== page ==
President Moon Jae-in was also elected on a social solidarity platform, and his government seems to have caught the zeitgeist. When masks ran low, and there was a temptation to hoard or price gouge, the government stepped in and rationed the number of price-controlled masks that could be bought by an individual, and depending on date of birth, each citizen was allotted a day on which to buy them. Early during the pandemic, free hand sanitizer was to be found next to and in the elevators of every building. With a slight resurgence of infections in May 2020, tens of thousands of people were tested within days, potentially infected were contacted to six degrees of separation with the government cooperating with the phone companies and bank card issuers in this endeavor, and the wearing of masks on all forms of public transport became mandatory. Thus, even with the cluster infection surge, Francesco Checchi, of the London School of Hygiene and Tropical Medicine, felt that the swift identification and response could only reflect well upon South Korea.
This has generated significant political capital for the country as a whole, and also for the political leadership (as demonstrated by the unprecedented election victory for the Democratic Party of Korea in the April 15 National Assembly elections, and soaring opinion poll ratings for the President). Moon has also looked to take the current crisis as a driving force for new opportunities and development aspiring to “a Republic of Korea that takes the lead in the world.” Given the strategic constraints upon South Korea in the traditional security realm, it therefore makes a great deal of sense for Seoul to concentrate efforts into NTS and normative/principled foreign policy efforts in order to get more ‘bang for their buck’ (or Won).
The Northeast Asia Plus Community of Responsibility
This imperative is already evident from the new policy initiatives including the aspirational ‘Northeast Asia Plus Community’ (NEAPC) of responsibility project. The presidential transition committee on foreign policy and national security had prepared a report on NEAPC which contained three components: a Northeast Asia Peace and Cooperation Platform (NAPCP), a New Northern Policy (NNP) and a New Southern Policy (NSP). The ambitious aim is to build a sustainable regional system of cooperation with the 10 Member states of the Association of Southeast Asian Nations (ASEAN), the ‘middle power’ grouping of MIKTA (Mexico, Indonesia, South Korea, Turkey, and Argentina), India and Northeast Asian states. Ultimately, the ambition is for a people-centered peace community that advocates co-prosperity. President Moon’s statements delivered above to mark the third anniversary of his inauguration in May 2020, represent a continuation of this policy, but also an attempt to drive it forward by taking advantage of the post-COVID operating environment.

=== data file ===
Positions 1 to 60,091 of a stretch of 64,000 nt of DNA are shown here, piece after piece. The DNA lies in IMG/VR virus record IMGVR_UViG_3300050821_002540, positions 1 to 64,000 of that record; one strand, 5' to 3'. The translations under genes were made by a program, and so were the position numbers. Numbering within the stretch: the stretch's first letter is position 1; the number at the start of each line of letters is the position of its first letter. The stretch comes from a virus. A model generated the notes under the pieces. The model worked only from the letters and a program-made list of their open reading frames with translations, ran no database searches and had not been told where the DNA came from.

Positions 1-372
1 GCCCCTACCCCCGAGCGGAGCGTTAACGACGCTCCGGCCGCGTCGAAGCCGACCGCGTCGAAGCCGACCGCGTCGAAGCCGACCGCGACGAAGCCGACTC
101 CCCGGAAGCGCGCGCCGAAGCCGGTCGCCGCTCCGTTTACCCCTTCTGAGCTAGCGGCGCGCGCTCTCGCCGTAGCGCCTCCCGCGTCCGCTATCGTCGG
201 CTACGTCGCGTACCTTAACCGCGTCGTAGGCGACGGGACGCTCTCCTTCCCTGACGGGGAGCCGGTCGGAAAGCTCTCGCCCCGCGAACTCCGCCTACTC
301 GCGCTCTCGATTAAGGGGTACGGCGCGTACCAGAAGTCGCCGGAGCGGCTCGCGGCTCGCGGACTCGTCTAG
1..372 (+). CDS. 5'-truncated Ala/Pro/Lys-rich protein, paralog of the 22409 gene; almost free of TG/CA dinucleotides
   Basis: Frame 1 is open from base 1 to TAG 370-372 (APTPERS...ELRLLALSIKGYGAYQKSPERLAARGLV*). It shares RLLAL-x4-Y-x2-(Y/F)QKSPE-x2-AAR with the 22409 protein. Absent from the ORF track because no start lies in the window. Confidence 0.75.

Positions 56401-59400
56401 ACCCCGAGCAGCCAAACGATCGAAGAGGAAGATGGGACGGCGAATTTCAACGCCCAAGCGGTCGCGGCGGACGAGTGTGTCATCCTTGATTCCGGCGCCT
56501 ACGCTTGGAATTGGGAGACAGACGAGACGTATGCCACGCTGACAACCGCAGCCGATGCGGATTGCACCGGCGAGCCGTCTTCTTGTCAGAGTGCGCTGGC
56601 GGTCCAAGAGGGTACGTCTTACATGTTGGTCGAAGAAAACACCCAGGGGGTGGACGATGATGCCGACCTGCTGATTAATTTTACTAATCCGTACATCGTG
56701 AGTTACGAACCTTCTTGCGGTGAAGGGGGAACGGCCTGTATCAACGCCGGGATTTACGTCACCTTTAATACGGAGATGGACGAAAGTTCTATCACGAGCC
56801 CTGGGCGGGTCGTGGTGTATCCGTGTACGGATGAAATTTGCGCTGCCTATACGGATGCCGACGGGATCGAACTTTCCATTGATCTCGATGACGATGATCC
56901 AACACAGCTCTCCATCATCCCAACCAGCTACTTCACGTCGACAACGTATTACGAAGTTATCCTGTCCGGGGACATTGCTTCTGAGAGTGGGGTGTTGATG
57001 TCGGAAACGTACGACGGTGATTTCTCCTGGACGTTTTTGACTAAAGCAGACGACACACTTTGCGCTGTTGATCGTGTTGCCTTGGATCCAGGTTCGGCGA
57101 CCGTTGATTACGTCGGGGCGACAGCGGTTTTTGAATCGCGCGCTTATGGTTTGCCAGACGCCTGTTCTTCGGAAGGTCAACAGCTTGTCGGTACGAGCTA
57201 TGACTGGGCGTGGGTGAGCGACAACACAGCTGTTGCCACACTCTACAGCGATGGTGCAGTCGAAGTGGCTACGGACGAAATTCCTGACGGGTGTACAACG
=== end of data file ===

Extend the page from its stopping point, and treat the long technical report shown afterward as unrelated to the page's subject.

During a recent interview with The Korea Times, Moon Chung-in, special adviser to President Moon Jae-in for foreign affairs and national security, also underlined the emergence of ‘global village security’ as one of the biggest side effects of the COVID-19 pandemic, as opposed to narrowly defined national security. This in turn is likely to further spur changes to the way Korea approaches foreign policy and security, moving away from unilateralism towards multilateralism, and away from the rational actor model of security reflected in the dominant neorealist and neoliberal discourses towards socialization models reflecting concern for social norms and values.
Furthermore, civil society in Korea has become increasingly engaged in debates about values and norms, from both domestic and international perspectives. Governance issues ranging from the Me Too Movement, to social and subsidized housing, to refugees, to the environment, dominate domestic discourse the way that hard security issues such as the North Korean threat used to. Hence there is a coming together of internal and external pressures supportive of the NEAPC, making further developments of the key concepts likely.
Banner: Incheon. South Korea. April, 2020. A walk-through screening clinic installed in Incheon. All people entering Korea had to undergo the Covid-19 test at selected clinics. Image: Rapture700 / Shutterstock.com
This article is an outcome of the IAFOR ACAS panel on COVID-19 and is part of the IAFOR RESEARCH CENTRE project, “Japan and Korea in the Evolving China-US Relations”, supported by the Korea Foundation. You can also watch the whole panel discussion below.